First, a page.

Corn prices jumped again Friday, driven higher by worries about hot, dry weather in the Midwest.
December contracts for corn jumped 8 cents, or 1.1 percent, to $7.4025 per bushel. That followed a 4 percent increase the day before, and is the highest price in about 11 months.
Corn crops are shrinking because of low rainfall levels in Western states, which is crimping supply and sending up the price. In a note to clients, Jack Scoville of the Price Futures Group predicted that analysts will continue to cut their predictions for crop yields.
"Demand has not been strong, and there have been reports that ethanol producers are shutting some plants as corn is hard to find and as prices are very (much) higher for what can be found," Scoville wrote.
The hot weather is also hurting soybean crops. November soybeans rose 23.5 cents, or 1.5 percent, to $15.525 per bushel. September wheat was basically flat, rising 1 penny to $8.4775 per bushel. That followed a gain of 20.5 cents the day before.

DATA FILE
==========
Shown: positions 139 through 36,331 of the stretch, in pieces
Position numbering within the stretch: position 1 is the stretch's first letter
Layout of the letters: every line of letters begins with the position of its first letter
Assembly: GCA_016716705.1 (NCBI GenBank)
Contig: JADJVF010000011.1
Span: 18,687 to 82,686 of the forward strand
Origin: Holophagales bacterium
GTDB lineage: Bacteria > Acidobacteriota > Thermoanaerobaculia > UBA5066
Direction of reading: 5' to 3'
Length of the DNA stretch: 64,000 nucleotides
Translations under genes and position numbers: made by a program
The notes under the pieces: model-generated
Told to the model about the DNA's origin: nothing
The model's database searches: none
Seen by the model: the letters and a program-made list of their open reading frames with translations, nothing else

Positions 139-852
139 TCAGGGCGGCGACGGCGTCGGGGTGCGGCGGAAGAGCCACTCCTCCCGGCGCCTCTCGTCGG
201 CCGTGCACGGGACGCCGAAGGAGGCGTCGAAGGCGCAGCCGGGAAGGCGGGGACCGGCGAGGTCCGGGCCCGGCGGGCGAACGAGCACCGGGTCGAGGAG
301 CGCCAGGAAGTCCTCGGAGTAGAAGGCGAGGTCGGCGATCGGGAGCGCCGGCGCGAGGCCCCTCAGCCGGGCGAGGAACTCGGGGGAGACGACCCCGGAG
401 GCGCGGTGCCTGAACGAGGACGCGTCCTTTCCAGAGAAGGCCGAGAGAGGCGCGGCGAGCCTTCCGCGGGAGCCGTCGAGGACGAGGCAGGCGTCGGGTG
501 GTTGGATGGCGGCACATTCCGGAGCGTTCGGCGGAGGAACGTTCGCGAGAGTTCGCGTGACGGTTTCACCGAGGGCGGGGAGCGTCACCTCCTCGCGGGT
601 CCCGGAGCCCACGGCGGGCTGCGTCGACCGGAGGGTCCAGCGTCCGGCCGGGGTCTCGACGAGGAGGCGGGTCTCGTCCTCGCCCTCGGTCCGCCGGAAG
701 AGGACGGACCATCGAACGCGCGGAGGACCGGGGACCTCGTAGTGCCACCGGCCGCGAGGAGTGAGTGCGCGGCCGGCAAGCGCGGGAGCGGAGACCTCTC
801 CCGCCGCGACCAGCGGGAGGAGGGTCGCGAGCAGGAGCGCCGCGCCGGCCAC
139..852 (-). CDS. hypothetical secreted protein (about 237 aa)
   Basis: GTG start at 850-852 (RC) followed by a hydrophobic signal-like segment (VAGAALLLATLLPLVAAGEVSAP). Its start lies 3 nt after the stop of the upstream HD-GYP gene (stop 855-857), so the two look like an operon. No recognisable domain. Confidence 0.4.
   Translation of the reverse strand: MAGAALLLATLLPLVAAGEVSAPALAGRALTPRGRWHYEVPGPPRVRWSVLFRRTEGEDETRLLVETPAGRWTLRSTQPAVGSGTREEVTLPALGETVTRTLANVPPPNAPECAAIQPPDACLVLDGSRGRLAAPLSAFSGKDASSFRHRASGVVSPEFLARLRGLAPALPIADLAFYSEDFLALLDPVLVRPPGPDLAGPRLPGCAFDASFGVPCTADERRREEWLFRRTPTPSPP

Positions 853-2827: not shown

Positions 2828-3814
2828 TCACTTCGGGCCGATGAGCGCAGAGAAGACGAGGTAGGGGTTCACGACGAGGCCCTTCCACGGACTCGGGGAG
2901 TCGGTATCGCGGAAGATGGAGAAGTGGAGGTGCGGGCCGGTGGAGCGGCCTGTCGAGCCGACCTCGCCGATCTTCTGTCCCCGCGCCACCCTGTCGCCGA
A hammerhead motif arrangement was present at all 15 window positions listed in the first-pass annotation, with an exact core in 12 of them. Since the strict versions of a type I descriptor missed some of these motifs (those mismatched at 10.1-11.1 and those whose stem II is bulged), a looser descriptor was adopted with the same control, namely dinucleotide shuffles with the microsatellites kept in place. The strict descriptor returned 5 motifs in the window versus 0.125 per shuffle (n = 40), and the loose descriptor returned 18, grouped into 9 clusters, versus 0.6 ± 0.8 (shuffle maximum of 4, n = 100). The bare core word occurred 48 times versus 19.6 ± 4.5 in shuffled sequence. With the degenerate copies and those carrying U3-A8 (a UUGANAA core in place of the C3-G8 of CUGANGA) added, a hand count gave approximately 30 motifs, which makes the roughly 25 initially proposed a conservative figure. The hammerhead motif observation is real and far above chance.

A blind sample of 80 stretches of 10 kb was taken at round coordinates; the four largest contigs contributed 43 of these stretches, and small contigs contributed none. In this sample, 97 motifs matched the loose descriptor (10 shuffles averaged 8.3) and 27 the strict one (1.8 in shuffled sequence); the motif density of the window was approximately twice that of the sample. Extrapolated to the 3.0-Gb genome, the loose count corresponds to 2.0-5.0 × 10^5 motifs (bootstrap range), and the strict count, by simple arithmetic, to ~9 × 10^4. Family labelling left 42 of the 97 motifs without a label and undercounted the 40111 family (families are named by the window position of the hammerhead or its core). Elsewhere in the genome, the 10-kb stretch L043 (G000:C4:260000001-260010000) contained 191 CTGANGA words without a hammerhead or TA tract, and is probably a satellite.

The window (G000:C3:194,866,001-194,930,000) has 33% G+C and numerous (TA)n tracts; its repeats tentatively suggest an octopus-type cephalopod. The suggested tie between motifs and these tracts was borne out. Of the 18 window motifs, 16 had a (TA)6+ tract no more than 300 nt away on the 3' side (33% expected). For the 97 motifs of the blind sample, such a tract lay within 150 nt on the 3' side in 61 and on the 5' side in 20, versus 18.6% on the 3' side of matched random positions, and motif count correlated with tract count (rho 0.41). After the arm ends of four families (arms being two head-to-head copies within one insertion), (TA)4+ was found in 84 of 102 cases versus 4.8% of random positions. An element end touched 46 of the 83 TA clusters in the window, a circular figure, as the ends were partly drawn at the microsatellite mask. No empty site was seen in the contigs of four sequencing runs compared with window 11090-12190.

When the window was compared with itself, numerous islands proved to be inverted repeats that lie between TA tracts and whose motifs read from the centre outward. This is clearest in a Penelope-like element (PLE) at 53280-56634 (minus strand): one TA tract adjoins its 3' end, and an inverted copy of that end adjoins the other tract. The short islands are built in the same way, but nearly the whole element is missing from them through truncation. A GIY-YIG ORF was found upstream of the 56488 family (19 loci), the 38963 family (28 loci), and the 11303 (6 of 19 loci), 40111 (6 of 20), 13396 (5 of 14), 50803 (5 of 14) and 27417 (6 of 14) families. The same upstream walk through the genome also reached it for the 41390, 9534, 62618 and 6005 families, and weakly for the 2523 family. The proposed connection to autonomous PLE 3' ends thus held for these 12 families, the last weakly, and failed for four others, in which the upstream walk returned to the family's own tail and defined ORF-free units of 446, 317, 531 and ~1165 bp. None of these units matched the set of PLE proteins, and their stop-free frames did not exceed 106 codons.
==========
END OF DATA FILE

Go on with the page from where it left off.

China said its economy grew as expected in the second quarter. China is the world's second-largest oil consumer behind the U.S., so it has a direct impact on oil prices, as well as copper and other industrial metals that are used for manufacturing and construction. Copper and oil both rose.
Building tension over the nuclear program in Iran, a major oil producer, also appeared to contribute to the increase in oil prices.
Benchmark U.S. crude rose $1.02 to $87.10 per barrel in New York, while Brent crude increased 35 cents to $101.42 per barrel in London.
In other futures trading, heating oil rose 1.49 cents to $2.7882 per gallon and wholesale gas added a penny to $2.8161 per gallon. Natural gas was unchanged, ending at $2.874 per 1,000 cubic feet
Metals were also up.
September copper rose 8.9 cents to $3.504 per pound. October platinum rose $22.70 to $1,435.20 per ounce. September palladium rose $10.85 to $585.65 per ounce. September silver rose 20.8 cents to $27.369 per ounce. August gold rose $26.70 to $1,592 per ounce.